New Tools for Science Policy
The Futurescape City Tours
How can we create a more inclusive, sustainable, and integrated public engagement experience? Can visual forms of communication provide means of facilitating critical dialogue and representing citizens’ values, desires, concerns, and curiosities about emerging technologies? Could we combine walking tour, photography, guided deliberation, behind-the-scenes expeditions, and informal conversations with city planners, policymakers, researchers, and civic leaders to embed participants’ values into local systems of innovation?
About the Seminar
October 23, 2014 8:30am
In an effort to create a more inclusive, sustainable, and integrated public engagement experience, researchers at the Center for Nanotechnology in Society at Arizona State University (CNS-ASU) developed Futurescape City Tours (FCTs). Begun as a pilot in Phoenix in 2012, in 2013 the FCT expanded its scale to include engagements in St. Paul, Portland, Springfield (MA), Edmonton (Canada), and Washington, DC, in addition to Phoenix.
In each city, participants, stakeholders, and experts considered the relationship among emerging technologies, urban environments, and sustainability. Combining a walking tour, photography, guided deliberation, behind-the-scenes expeditions, and informal conversations with city planners, policymakers, researchers, and civic leaders, FCTs attempt to embed participants’ values into local systems of innovation.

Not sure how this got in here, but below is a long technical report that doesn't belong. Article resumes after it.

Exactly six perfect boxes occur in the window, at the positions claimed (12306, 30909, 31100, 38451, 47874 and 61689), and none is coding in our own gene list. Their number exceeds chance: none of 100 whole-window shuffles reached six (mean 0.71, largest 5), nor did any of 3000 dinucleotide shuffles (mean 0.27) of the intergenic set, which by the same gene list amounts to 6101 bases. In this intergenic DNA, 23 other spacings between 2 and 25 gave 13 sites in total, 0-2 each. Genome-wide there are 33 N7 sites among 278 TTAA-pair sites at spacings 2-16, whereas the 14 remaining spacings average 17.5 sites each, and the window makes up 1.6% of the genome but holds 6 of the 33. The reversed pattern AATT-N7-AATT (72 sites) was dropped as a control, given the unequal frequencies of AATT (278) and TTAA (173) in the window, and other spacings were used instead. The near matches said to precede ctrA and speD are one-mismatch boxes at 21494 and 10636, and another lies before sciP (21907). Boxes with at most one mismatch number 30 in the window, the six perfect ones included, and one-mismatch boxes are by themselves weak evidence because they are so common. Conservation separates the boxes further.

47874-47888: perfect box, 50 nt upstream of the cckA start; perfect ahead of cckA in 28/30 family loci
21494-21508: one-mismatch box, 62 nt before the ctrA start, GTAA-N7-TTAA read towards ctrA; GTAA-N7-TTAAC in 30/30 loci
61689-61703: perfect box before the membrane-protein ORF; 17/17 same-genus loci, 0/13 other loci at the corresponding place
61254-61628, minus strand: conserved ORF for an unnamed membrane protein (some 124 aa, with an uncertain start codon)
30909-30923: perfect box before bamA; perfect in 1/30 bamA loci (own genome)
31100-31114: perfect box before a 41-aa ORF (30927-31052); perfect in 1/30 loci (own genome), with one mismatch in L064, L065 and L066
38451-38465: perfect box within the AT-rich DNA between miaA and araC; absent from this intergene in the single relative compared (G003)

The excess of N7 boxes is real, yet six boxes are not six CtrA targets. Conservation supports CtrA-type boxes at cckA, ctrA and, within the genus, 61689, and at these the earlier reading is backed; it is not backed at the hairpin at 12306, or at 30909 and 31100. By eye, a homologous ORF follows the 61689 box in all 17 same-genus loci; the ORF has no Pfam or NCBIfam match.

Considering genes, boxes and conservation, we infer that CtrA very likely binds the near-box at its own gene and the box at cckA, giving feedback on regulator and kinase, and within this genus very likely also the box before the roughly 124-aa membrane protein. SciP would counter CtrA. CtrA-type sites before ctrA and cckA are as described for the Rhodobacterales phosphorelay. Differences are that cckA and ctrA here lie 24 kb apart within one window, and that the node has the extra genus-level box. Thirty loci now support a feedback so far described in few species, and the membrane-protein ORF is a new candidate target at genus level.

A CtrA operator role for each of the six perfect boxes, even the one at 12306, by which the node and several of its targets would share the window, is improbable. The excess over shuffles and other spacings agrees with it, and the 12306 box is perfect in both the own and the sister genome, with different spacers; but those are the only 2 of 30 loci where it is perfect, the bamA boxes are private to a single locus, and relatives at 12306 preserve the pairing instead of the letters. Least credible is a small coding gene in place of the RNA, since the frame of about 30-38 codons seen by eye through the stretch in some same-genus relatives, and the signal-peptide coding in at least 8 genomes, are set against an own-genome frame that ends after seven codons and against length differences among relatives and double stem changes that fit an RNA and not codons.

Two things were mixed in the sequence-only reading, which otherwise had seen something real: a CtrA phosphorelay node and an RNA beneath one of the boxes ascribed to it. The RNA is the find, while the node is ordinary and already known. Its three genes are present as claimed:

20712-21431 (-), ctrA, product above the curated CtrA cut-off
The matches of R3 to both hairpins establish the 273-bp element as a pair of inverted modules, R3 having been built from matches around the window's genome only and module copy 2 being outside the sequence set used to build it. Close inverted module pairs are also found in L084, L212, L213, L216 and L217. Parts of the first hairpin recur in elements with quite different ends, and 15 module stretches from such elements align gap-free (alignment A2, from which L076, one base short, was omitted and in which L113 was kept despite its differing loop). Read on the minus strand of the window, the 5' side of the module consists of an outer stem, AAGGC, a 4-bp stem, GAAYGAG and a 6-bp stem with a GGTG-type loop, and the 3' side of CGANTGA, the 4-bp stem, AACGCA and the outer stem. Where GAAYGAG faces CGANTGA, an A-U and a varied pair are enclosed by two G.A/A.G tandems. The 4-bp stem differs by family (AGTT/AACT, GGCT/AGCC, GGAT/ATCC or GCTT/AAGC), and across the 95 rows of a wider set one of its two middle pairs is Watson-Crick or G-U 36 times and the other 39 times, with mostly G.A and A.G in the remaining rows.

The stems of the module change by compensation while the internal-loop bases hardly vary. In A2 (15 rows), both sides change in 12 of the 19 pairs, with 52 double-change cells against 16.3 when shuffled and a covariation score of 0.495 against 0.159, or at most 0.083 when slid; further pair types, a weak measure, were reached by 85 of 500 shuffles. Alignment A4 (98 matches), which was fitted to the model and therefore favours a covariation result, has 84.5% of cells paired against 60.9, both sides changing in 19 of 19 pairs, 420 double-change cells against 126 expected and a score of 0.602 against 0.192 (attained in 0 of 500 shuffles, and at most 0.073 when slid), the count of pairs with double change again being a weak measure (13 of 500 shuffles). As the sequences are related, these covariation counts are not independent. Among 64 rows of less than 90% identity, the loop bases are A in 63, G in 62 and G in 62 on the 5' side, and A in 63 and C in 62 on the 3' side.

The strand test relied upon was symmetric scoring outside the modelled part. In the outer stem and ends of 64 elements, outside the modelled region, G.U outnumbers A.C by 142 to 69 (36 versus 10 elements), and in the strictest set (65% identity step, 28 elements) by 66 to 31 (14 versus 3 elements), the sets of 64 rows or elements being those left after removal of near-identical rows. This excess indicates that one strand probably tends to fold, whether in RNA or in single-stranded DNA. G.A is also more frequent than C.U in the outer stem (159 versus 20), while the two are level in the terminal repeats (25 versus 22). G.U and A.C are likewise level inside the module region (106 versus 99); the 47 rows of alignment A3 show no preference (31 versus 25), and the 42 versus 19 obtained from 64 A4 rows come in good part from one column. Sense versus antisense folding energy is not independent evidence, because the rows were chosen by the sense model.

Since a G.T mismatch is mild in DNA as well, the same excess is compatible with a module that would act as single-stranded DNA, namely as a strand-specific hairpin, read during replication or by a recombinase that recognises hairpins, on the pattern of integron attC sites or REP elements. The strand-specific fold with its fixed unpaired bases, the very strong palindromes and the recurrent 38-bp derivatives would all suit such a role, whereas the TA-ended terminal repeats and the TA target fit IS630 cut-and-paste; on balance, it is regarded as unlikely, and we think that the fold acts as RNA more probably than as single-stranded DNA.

The seminar will examine “material deliberations” as the work participants do to place knowledge into context (values, desires, emotions) through a close look at the experiences of participants from Washington DC. We argue that visual forms of communication are powerful means of facilitating critical dialogue and representing citizens’ values, desires, concerns, and curiosities about emerging technologies. Preliminary data suggest that visual representations allow participants to formulate more complex, critical, and creative thinking.
Kathryn De Ridder-Vignone
Former CNS Postdoctoral Researcher
Kathryn de Ridder-Vignone is an assistant professor of social context in the Department of Integrated Science and Technology at James Madison University. Prior to that she spent two years as a post doctoral research associate at the Center for Nanotechnology…
Director, Science, Technology and Society Program, A. James Clark School of Engineering, University of Maryland, College Park
David Tomblin works on issues surrounding the governance of and public engagement with emerging technologies and has taught STS and related courses at the University of Maryland since 2009. He succeeded Betsy Mendelsohn as Director of STS programs in College…
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